After the downfall of the Mubarak regime and its replacement by a Muslim Brotherhood government, led by Mohammed Morsi, Hamas expected a fundamental change of policy towards the Gaza Strip. Indeed, many high-level Egyptian delegations visited Gaza, including an official visit by the Muslim Brotherhood, followed by Members of Parliament and of the Salafist al-Nour party. In late 2011 Gaza Prime Minister Ismail Haniyeh was allowed to leave Gaza for the first time since 2007, embarking on regional tours. Hamas was permitted to open an office in Cairo and to deal and meet with officials of the Foreign Ministry and President Morsi himself. In February 2012, Haniyeh held the Friday sermon at the al-Azhar Mosque.
After an attack on Israeli civilians in August 2011 by Egyptian militants and the killing later that day of six Egyptian soldiers by Israeli forces, thousands in Cairo demonstrated in front of and then stormed the Israeli embassy, demanding that Egypt break all ties with Israel. In March 2012, after Israeli violence against Gaza escalated, the Egyptian Parliament passed a motion to halt gas sales to Israel, expel the Israeli ambassador and endorse a parliamentary committee report proposing to reverse Egypt’s course of action toward Israel.
However, relations between Egypt and Gaza remained strained over the Gaza blockade – much to the disappointment of Hamas and the Gazan Palestinians. After the downfall of the Mubarak regime, Salafists in the Sinai Peninsula took advantage of the security vacuum and stepped up their armed resistance to the central government. They killed some tribal leaders who were advocating a deal with the government. The former regime had largely neglected the Sinai for decades. It is a region suffering from poverty, a lack of resources and unemployment.
Salafists started to attack garrisons in the Northern Sinai on a regular basis. On 5 August 2012, sixteen Egyptian soldiers were killed on the border with Gaza. The government responded with heavy attacks and on 24 September 2012, fourteen Salafists were sentenced to death for the murder of Egyptian policemen. In May 2013, seven Egyptian security men were abducted by Salafists demanding the release of those sentenced to death. The policemen were freed after mediation by tribal leaders and the army. In an effort to restore order, the Egyptian authorities asked Israel to allow the Egyptian army to deploy more forces in the Sinai.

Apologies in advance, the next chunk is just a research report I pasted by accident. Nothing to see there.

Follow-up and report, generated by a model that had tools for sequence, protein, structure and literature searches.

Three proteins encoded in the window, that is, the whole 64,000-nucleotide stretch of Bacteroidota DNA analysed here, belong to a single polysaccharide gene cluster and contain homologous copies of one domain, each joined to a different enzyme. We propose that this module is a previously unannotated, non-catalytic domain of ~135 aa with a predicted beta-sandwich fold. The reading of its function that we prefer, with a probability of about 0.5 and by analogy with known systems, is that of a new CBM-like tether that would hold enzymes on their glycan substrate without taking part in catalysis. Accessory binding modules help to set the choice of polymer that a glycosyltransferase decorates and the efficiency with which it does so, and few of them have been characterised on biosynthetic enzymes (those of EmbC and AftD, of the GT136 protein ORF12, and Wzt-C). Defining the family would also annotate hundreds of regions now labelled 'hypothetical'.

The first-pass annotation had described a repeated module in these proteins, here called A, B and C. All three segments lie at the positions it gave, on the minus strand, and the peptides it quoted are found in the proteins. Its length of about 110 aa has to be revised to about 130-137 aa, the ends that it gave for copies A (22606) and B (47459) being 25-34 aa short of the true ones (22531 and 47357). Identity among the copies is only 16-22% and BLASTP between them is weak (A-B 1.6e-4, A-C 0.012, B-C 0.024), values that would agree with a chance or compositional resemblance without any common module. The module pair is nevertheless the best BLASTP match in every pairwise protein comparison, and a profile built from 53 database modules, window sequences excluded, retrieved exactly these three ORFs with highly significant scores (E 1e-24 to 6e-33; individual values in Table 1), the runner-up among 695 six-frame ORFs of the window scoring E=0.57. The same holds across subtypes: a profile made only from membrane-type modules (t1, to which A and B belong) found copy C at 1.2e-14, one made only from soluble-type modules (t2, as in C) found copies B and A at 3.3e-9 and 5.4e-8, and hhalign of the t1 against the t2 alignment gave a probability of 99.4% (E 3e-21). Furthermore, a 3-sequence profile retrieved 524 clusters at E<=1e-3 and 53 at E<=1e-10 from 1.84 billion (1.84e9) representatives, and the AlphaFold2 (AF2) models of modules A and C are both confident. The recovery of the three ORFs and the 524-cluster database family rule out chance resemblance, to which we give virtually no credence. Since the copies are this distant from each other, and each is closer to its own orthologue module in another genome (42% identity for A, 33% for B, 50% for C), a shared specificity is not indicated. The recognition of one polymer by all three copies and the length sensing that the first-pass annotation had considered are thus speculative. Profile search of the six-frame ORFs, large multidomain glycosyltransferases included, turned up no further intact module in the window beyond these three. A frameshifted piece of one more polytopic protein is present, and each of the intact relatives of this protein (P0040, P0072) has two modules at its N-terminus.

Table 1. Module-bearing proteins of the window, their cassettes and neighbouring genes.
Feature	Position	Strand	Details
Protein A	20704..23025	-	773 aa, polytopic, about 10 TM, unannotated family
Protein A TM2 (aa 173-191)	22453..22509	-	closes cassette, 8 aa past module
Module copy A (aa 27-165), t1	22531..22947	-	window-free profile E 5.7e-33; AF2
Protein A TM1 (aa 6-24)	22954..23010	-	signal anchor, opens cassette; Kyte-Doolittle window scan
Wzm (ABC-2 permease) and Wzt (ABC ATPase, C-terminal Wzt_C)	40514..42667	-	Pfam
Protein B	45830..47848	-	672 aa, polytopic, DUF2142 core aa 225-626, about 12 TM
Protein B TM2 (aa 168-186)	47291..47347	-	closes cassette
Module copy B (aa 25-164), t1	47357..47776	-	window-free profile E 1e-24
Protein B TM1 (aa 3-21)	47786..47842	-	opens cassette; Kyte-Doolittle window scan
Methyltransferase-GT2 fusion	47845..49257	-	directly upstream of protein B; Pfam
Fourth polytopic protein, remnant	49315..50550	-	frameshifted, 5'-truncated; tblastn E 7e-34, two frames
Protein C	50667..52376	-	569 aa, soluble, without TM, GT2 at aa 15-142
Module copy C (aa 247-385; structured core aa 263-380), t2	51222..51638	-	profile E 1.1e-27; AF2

The Egyptian media subsequently started a campaign blaming Hamas for not controlling its side of the border. Since the Egyptian military ousted the Morsi government on 3 July 2013, this media campaign has reached unprecedented levels, with Egyptian satellite TV channels and social media rumouring that the Palestinians, for example, want to occupy the Sinai and are interfering in Egypt’s internal affairs, causing turmoil, and are even responsible for attacks on Egyptian security forces by militant groups in the Sinai. The allegations have been leveled at Palestinians in general, and Hamas in particular. The rumours were undoubtedly fed by press reports on 17 June 2013 – weeks before the ouster of President Morsi – stating that Hamas had sent 3,000 troops into Egypt to support Morsi.
Such claims have been used to justify Egypt’s efforts to destroy the tunnels between Gaza and Egypt, a lifeline for Palestinians in Gaza under Israeli blockade. The UN Special Coordinator for the Middle East Peace Process, Robert Serry, told the UN Security Council on 24 July 2013 that 80 percent of tunnels into the Gaza Strip from Egypt are ‘no longer functioning’ due to a crackdown by the Egyptian military. He added that the Gaza Strip was experiencing ‘some serious shortages of fuel and basic building materials for which the tunnels had become the primary entry point due to severe restrictions on imports via the official crossings and the higher cost of fuel available from the West Bank and Israel’. Food prices have shot up and the lack of petrol created long queues.
Another measure taken by the military immediately after the overthrow of the Morsi government was to ban Palestinians from entering Egypt through Cairo Airport, preventing thousands of Palestinians from returning home to Gaza through the Rafah crossing – the sole point of entry and exit for the vast majority of Gaza’s residents.